Construction Supply Chain Management: An Introduction
A supply chain is a total system that produces and delivers a product or service, from the very beginning stage of sourcing the raw materials to the final delivery of the product or service to the end-users. It includes the flow of materials, products, information, and money associated, making it one of the most complex areas of the construction value chain. The term itself originated in the manufacturing industry but its roots go back to long before data was available at the palm of our hands.
Construction supply chain management refers to the processes, systems, and practices used to manage the flow of materials in the construction industry and includes managing the relationships between various parties within the supply chain—including manufacturers, suppliers, contractors, owners, and more.
The supply chain covers all aspects of a production process, including the activities involved at each stage of a project, information that is being communicated to all parties involved, natural resources that are transformed into useful materials, human resources, and other components that go into the finished project.
As it is known, the construction industry´s value chain is composed of so many players and it is so fragmented, that supply chain management becomes one of the key components to ensure that a project is running smoothly on time (and on budget), and that every stakeholder involved is fully aware of interdependencies and how their area is progressing towards goals.
A typical supply chain for a construction project comprises engineers, architects, prime contractors, material suppliers, and speciality subcontractors who come together to work on a single project. The complex chain often consists of short-term relationships and non-standard procedures, as every construction project is unique.
Construction Supply Chains (CSCs) widely vary based on the nature of the project and the geographic location. CSCs are usually characterised by temporary initiatives, fragmentation, instability, and high inefficiency. However, the construction industry faces different concerns than the manufacturing industry when it comes to increasing productivity. Often, construction projects are characterised by a high number of participating companies with interrelated processes occurring at various stages and in distinct locations. Construction projects are usually unique, time-bound and require high customisation, especially in individual construction where ETO (Engineer-to-Order) products are common and a major component. Therefore, SCM concepts developed and applied in other industries, like the manufacturing industry, cannot be directly applied to the construction industry.
The primary objective of CSC (Construction Supply Chains) management is to plan and direct specific quantities of materials to the site where the final assembly takes place. According to the type of material assembled, different supply chain configurations can be considered:
1) Make-to-Stock (MTS) for consumables like bolts and other construction consumables.
2) Assemble-to-Order (ATO) for components such as doors and windows.
3) Make-to-Order (MTO) for cast-in-place concrete or prefabricated panels.
4) Build-to-Order (BTO) or Production-on-Demand (POD) for cables and conductors.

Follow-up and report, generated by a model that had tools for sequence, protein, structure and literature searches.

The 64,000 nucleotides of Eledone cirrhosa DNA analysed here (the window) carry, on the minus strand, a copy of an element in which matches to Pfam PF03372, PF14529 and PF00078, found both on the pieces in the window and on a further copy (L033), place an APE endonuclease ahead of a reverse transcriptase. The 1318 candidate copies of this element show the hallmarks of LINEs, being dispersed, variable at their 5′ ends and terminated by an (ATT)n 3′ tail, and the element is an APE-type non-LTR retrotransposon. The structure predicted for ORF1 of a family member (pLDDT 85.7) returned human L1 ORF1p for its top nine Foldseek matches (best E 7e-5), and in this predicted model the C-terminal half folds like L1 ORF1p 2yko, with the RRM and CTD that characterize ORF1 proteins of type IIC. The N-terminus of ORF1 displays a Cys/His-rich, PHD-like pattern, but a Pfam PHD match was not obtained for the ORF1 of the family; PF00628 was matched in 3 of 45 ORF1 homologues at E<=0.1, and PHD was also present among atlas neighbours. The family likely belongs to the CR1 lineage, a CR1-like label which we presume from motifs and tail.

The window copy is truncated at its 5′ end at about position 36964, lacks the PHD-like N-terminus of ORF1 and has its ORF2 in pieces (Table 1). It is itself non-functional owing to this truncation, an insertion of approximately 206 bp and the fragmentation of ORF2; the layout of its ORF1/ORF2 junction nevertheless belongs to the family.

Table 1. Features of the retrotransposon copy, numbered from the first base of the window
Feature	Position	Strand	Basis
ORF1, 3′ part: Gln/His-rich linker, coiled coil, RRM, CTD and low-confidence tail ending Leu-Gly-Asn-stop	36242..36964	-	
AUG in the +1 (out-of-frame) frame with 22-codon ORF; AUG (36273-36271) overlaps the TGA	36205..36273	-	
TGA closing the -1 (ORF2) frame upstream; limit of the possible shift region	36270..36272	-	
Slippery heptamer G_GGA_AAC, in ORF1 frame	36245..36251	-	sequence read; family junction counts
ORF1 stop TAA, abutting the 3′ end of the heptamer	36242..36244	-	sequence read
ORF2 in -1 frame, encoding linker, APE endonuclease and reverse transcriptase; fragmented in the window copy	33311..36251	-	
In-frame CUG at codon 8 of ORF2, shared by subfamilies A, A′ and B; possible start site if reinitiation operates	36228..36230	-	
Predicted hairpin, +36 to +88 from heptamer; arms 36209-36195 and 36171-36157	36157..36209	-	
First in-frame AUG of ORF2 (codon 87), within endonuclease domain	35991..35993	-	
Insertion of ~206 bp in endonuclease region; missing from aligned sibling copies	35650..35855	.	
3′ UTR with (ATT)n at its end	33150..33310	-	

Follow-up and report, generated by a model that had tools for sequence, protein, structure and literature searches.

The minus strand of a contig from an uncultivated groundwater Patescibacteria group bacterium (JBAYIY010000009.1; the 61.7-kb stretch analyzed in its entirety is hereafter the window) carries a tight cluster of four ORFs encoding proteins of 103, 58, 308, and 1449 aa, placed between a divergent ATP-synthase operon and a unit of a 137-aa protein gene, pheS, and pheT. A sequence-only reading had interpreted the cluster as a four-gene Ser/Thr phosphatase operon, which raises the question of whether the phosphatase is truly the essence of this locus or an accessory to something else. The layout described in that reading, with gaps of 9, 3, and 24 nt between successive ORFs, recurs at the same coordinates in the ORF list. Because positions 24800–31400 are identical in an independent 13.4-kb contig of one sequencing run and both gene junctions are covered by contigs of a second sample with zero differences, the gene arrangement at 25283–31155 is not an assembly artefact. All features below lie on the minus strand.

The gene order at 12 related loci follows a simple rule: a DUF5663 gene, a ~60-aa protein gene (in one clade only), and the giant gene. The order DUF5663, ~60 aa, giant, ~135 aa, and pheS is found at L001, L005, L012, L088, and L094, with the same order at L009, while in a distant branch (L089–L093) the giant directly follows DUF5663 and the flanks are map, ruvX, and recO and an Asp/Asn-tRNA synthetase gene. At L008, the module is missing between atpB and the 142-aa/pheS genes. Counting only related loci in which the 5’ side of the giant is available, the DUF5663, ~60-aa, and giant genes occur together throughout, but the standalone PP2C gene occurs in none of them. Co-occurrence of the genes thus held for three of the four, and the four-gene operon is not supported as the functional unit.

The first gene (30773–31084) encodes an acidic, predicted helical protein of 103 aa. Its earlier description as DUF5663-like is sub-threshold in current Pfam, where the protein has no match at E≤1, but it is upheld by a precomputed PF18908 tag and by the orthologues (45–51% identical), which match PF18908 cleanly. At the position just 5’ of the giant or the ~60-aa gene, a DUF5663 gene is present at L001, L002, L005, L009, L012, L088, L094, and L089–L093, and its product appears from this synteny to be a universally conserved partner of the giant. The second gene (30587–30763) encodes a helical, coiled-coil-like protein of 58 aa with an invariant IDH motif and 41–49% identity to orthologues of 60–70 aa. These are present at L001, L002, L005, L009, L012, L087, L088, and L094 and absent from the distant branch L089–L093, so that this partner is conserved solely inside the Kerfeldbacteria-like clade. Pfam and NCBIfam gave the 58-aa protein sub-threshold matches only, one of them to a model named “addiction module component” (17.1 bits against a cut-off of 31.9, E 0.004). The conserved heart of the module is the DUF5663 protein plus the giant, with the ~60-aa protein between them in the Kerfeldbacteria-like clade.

5) Configure-to-Order (CTO) for HVAC (Heating, Ventilation and Air Conditioning) and fire protection systems.
6) Engineer-to-Order (ETO) for highly customised parts like boilers, transformers and design facades.
CSCs are bound to adhere to the lead time as determined by project schedules. The lead time is defined as the identification of a requirement to fulfilment of that requirement. A major composition of construction project supplies involves 45 to 65% of ETO supplies based on the nature of the project. While MTS is off-the-shelf items, ATO, MTO and BTO take moderate lead times and CTO takes a higher lead time as it involves engineering and procurement of a variety of materials from various sub-suppliers as configured during the engineering stage, assembled and installed at the project site.
Exploring sustainable practices in Construction Supply Chains, particularly focusing on Engineer-to-Order (ETO) items, for an environmentally conscious and efficient construction industry is essential. You can learn more about strategies for sustainable Construction Supply Chain here: Engineer-to-Order (ETO) Items in Construction Supply Chain Management.
Chaparala Ajaya Babu
Ajaya Babu is a seasoned Supply Chain Management Professional with an extensive 38-year career, notably contributing 30 years to Larsen & Toubro. In his role as Joint General Manager in Supply Chain Management at Larsen & Toubro Construction, Power Transmission & Distribution IC, he specialises in strategic sourcing, procurement transformation, and supplier management. With a proven track record of driving procurement efficiencies, cost savings, and vendor optimisation, Ajay brings a wealth of expertise to the field. Beyond his corporate endeavours, he is a dedicated coach, passionately committed to empowering individuals to unlock their full personal and professional potential. He focuses on fostering mental well-being by working on thoughts, feelings, and behaviours, contributing to holistic development. His strong negotiation and communication skills, combined with a profound understanding of supply chain principles and digital procurement tools, make him a standout professional in the industry.